(NBC NEWS) – Ten U.S. sailors detained by Iran were released early Wednesday, officials said.
The sailors — nine men and one woman — were held overnight on Iran’s Farsi Island. They were taken into custody Tuesday when their two small U.S. navy riverine vessels drifted into Iranian-claimed waters during a training mission.
Secretary of Defense Ash Carter issued a statement Wednesday morning after the sailors were released.
“I am pleased that ten U.S. Navy sailors have departed Iran and are now back in U.S. hands. I want to personally thank Secretary of State John Kerry for his diplomatic engagement with Iran to secure our sailors’ swift return. Around the world, the U.S. Navy routinely provides assistance to foreign sailors in distress, and we appreciate the timely way in which this situation was resolved,” Carter said.
Iran’s Revolutionary Guards (IRGC) said in a statement Wednesday that the sailors had been released back into international waters following a U.S. apology and clarifications that any incursion was “a mistake.”
“The Americans have undertaken not to repeat such mistakes,” added the statement, which was read aloud on state TV. “The captured marines were released in international waters under the supervision of the IRGC Navy.”
The U.S. Navy confirmed that the sailors had been “safely returned” after departing Iran’s Farsi Island at 3:43 a.m. ET aboard the riverine vessels they had been operating when the incident occurred.
They were later transferred ashore by Navy aircraft while other sailors took charge of their boats and continued on for Bahrain, the Navy added in a statement.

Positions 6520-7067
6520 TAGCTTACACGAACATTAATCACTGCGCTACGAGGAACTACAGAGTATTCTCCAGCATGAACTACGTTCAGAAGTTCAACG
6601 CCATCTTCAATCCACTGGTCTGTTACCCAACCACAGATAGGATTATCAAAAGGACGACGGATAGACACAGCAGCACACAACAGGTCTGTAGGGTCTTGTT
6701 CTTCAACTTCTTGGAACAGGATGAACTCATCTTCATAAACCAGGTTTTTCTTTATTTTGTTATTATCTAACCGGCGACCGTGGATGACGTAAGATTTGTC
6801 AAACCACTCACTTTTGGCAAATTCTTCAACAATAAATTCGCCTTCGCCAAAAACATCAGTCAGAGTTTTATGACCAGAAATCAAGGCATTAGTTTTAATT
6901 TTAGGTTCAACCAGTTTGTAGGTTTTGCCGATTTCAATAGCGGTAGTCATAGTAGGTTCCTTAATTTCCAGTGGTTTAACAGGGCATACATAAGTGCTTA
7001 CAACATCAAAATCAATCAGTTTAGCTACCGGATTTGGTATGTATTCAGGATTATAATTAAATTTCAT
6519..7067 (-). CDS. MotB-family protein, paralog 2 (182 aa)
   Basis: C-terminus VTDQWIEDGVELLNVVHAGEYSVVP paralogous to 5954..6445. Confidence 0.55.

“There are no indications that the sailors were harmed during their brief detention,” the statement said, adding that the circumstances of the incident will be investigated.
The sailors’ release caps a quick, overnight flurry of diplomatic activity after Iran said the boats had entered its waters on Tuesday.
U.S. officials had sprung into action, with Secretary of State John Kerry calling his Iranian counterpart Javad Zarif in hopes of securing the sailors’ freedom.
Iran’s Navy chief Gen. Ali Fadavi initially accused the U.S. Navy vessels of demonstrating “unprofessional behavior.” However, later Wednesday he said that an investigation showed the American vessels had entered his country’s waters due to a mechanical issue — which jibed with what U.S. officials had initially suggested.
“It was not for espionage or other harmful purposes,” Fadavi said on state-run TV.
Still, he defended the decision to take the sailors into custody as “necessary measures” given the presence of U.S. forces in the region.
American naval ships routinely navigate the waters of the Persian Gulf near Iranian territory, and their presence there frequently has been a source of tensions between the two nations.
Senior U.S. military commanders criticized Iran last month for its “highly provocative” actions when it fired unguided rockets near U.S. ships, including the USS Harry S. Truman aircraft carrier, in the Strait of Hormuz.